Regardless of what you think of Chuck Tingle, you have to admire him for getting his stuff read and pumping out* dozens of stories on Amazon. I’ve been writing “professionally” for eleven years and I’ve only had about two dozen stories published (plus some reprints). Some folks haven’t put out even that much over far longer. But Tingle keeps on adding more layers to the Tingleverse, and giving us excellent satire and creativity as he goes.
6. Everything Else — When I first started writing this column, my editor gave me some pretty simple direction: keep it nerdy. So when I write something that might not be, I try to aim it in that direction, at least tangentially. I had a few columns this year that weren’t really applicable (conference calls, email signatures, weird dreams), but for the most part I think I did okay. Still, some of my intentionally-nerdy columns didn’t fit into any of the previous categories, so they’re here. (I put the Cardassian one here because it’s about philosophy, not about Star Trek per se.)
- 1/25: Six of the Best… Cardassian philosophies
- 3/8: Six of the Best… methods of faster-than-light travel
- 4/5: Six of the Worst… problems with grounding your nerdy child
And, lest we forget, some authors take a… different… approach, as Norman Spinrad did in The Void Captain’s Tale. In that book, the ship is powered by, for lack of a better term, sexual energy. I mean, that sounds fun and all, but it seems a little hard to modulate, doesn’t it? Every person is different, every sexual interaction is different, every situation is different, so what can you do but just hope you don’t overshoot (or undershoot) your target?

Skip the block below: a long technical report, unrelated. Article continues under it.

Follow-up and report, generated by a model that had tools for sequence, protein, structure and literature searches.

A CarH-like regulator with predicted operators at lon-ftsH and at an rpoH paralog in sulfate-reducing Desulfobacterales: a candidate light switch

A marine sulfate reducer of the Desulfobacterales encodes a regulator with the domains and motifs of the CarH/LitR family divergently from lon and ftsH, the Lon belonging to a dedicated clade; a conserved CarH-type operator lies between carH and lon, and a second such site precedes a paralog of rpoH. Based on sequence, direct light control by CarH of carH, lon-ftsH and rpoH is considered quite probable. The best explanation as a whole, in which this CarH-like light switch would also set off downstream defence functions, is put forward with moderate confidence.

A couple of months ago, I got one of those signs with the movable letters. It was 50 percent off, and may have been the most fun purchase I made last year. I put it up in my office and I’ve been changing the text every week or so. I can’t show you all of the images, because some of them contain information about work, but here are two good ones:
And yes, I borrowed them from /r/showerthoughts. I’m clever, but not always that clever.
Got an idea for a future “Six of the Best” column? Tweet it to me @listener42.
Memories of My Father is the story of a girl trying to figure out why her dad’s losing his memory — but the horrible secret causing it leaves her only one way to save him: to forget everything she knows. K.T. Katzmann, author of Murder with Monsters, says: “It gets to the science-fictiony widget early, points it out for the audience, and goes right back to tearing apart the reader with emotional human drama.” And if that doesn’t make you want to read it, then what more can I tell you? Get your copy today, while you still remember what last year’s columns were about.
* To be fair, I write a lot of them well in advance and then schedule them for later. But the theory is sound.